Tag Archives: Argument from popularity

WDDTY – The evidence for homeopathy (WARNING: Accurate statement detected)

It seems the WDDTY team do sometimes read what sceptics write. I’m not quite sure how this happens, since McTaggart is prone to blocking and deleting the least criticism, but apparently it does. Witness this little exercise in misinformation, which turned up in a slightly reworded and longer form in the Nov 2013 issue.

The evidence for homeopathy

Homeopathy is a nonsense, at least according to scientists and sceptics. Yet Indian doctors are using it every day to treat cancer—and now the US government is interested

Doctors call it “nonsense on stilts”, and professors of medicine have been bullying government and health authorities to stop offering it on the UK’s National Health Service (NHS), while scientists say it is implausible, if not impossible, as it breaks every law of science they know.

Homeopathy is everyone’s favourite whipping boy, and if it does clear up a snuffly cold or minor headache, it’s all due to the placebo effect: it’s just mind over matter, and people merely think it’s making them better. Any active ingredient in a homeopathic remedy is diluted sometimes thousands of times, so any effect must be entirely in someone’s imagination.

That makes perfect sense,…

Let’s take that apart, shall we?

The evidence for homeopathy

Homeopathy is a nonsense, at least according to scientists and sceptics.

I hear echoes of that reality-denialist cry “You and your science!” that galvanised me into actively seeking out and debunking anti-science fuckwittery wherever it may lurk and fester. Funny how pro-SCAM whackjobs are quick to laud science when they think they can use it to support their favourite money-making placebo though. Here’s a classic example: five occurrences of the word “science” on a page selling a form of Thinking Happy Thoughts Really Hard, touted by one… Lynne McTaggart. Funny, that.

Yet Indian doctors are using it every day to treat cancer—and now the US government is interested

Yeeees. Indian homeopaths (they are not doctors) may be using homeopathy to treat cancer, but that doesn’t mean it actually does any good. The USA is not exactly renowned for always letting reality prevail over fuckwitted dogma, either, so even if the two claims were more than fallacious arguments from popularity and authority, they still wouldn’t mean dick.

Doctors call it “nonsense on stilts”, and professors of medicine have been bullying government and health authorities to stop offering it on the UK’s National Health Service (NHS), while scientists say it is implausible, if not impossible, as it breaks every law of science they know.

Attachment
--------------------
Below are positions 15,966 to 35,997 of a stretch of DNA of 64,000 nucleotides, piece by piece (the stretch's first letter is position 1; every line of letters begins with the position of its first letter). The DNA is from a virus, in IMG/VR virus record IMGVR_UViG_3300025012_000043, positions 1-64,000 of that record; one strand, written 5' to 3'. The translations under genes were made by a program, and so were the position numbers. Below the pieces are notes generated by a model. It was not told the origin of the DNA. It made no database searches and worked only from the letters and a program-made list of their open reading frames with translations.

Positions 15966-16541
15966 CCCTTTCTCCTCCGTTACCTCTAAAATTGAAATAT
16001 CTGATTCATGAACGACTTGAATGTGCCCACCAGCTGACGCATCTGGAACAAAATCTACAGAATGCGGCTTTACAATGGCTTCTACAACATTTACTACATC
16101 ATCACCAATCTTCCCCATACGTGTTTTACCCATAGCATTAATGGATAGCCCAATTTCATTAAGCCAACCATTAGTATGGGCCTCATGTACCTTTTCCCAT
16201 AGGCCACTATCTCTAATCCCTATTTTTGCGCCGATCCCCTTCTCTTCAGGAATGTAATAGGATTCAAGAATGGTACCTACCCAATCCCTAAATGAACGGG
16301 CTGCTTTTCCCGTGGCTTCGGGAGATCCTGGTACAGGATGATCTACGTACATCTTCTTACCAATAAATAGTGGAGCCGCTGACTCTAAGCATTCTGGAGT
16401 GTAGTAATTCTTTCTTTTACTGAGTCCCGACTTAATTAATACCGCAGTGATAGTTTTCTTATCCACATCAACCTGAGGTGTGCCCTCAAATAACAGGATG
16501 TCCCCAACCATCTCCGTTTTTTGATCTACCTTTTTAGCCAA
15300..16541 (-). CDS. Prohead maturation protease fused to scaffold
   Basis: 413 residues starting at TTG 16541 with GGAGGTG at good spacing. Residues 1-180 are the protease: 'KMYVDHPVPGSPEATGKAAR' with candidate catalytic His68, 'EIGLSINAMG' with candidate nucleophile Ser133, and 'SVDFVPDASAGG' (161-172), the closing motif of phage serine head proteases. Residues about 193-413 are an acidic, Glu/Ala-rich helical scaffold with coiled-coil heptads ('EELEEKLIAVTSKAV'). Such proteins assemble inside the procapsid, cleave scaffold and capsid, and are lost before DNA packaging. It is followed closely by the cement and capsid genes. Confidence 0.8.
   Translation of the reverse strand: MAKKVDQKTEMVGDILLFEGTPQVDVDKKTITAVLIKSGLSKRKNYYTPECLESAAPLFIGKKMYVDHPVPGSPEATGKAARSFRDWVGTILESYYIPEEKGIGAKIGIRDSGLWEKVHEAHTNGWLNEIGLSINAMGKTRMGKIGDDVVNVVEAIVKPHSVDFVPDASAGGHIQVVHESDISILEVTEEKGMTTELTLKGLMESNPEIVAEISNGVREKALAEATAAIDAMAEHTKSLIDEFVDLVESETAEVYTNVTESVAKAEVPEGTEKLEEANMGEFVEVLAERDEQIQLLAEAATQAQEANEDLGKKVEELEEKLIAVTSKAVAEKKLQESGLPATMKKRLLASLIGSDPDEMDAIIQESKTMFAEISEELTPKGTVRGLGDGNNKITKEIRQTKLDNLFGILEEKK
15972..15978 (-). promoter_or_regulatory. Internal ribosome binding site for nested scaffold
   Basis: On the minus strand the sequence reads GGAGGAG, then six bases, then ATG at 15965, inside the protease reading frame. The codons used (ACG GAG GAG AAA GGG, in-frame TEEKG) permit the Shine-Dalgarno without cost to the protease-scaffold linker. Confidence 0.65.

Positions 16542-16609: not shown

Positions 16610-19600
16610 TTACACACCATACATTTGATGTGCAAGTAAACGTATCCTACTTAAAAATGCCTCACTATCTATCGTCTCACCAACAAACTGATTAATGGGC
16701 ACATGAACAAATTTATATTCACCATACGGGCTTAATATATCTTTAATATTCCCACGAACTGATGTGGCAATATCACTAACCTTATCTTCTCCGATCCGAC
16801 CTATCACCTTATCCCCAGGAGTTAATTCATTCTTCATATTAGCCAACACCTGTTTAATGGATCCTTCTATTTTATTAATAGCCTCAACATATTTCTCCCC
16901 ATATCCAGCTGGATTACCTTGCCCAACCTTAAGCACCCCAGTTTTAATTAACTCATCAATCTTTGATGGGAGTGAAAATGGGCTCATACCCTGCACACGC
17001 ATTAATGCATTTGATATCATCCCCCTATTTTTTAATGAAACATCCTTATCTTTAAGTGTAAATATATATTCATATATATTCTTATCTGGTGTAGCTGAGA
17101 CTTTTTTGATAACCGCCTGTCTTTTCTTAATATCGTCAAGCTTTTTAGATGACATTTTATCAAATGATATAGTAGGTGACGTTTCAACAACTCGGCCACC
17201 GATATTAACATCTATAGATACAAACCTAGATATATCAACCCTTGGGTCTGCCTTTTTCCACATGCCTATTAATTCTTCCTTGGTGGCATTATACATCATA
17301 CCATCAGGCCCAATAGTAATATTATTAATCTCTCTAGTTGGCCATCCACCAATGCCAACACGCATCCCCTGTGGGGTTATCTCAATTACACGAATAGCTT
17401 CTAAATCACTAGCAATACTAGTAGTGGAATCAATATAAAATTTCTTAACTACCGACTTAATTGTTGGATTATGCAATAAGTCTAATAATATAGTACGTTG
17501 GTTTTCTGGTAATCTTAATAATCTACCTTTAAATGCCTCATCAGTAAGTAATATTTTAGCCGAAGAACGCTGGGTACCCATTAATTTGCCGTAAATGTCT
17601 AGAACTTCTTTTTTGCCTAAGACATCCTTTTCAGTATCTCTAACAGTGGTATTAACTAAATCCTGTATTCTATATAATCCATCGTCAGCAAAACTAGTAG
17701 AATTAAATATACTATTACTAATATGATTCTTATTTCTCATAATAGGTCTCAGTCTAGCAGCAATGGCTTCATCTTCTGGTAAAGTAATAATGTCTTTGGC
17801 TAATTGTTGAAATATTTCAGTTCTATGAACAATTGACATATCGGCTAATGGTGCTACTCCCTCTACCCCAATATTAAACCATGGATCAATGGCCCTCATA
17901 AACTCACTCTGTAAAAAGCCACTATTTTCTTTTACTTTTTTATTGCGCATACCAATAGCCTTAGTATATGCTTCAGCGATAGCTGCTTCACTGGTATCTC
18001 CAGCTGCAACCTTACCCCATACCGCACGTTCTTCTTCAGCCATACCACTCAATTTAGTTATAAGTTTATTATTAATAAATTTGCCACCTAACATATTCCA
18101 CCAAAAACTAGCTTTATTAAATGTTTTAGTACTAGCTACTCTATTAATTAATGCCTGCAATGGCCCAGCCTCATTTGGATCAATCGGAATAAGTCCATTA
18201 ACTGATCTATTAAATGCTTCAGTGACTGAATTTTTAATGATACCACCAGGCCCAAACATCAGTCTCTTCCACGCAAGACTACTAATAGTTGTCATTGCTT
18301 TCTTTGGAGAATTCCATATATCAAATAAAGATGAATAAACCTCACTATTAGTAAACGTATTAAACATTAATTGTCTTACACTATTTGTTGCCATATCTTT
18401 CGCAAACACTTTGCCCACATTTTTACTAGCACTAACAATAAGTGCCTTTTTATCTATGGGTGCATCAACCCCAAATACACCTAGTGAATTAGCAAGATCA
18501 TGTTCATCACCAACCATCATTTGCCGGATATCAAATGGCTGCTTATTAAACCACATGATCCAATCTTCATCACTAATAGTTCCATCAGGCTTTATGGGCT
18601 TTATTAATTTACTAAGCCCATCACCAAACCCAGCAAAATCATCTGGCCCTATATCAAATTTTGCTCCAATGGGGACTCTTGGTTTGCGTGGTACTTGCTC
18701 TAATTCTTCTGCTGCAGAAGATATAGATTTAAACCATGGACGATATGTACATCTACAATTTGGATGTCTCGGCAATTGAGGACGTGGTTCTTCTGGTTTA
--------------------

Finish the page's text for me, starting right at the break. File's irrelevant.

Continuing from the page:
The doctors are correct, the scientists are correct and the professor in question (it’s an obvious attack on Edzard Ernst, who has studied homeopathy and other fringe therapies for years) hasn’t been bullying anybody, merely stating the truth. In fact, he has rather been the victim of bullying, notably from homeopaths trying to smear and discredit him.

Homeopathy is everyone’s favourite whipping boy, and if it does clear up a snuffly cold or minor headache,

… which it doesn’t …

it’s all due to the placebo effect: it’s just mind over matter, and people merely think it’s making them better. Any active ingredient in a homeopathic remedy is diluted sometimes thousands of times, so any effect must be entirely in someone’s imagination.

Bloody hell, I think I’ve just found an accurate statement about homeopathy in WDDTY. I claim my prize.

That makes perfect sense,…

Yes, Lynne, it does. And funnily enough, it’s the power of the imagination you claim to harness in your Intention dingbattery. Is it just me, or are you trying to have your cake and eat it, while selling it a slice at a time?

From the department of determinedly not getting the point

Over at the WDDTY Facebook page, we are beginning to wonder if Lynne McTaggart has handed the keys to Mohammad Saeed al-SahhafW, whose comically implausible propaganda was such a feature of the Iraq War.

So many of you have asked how we’re doing that I wanted to reassure you. We are all great – and so is What Doctors don’t Tell You. Our sales are hugely up, every last store that was behind us before the Times attacks is still behind us, our supporters are more vocal than ever. This story continues to go wildly viral around the world. Every attack on us has made us immeasurably stronger.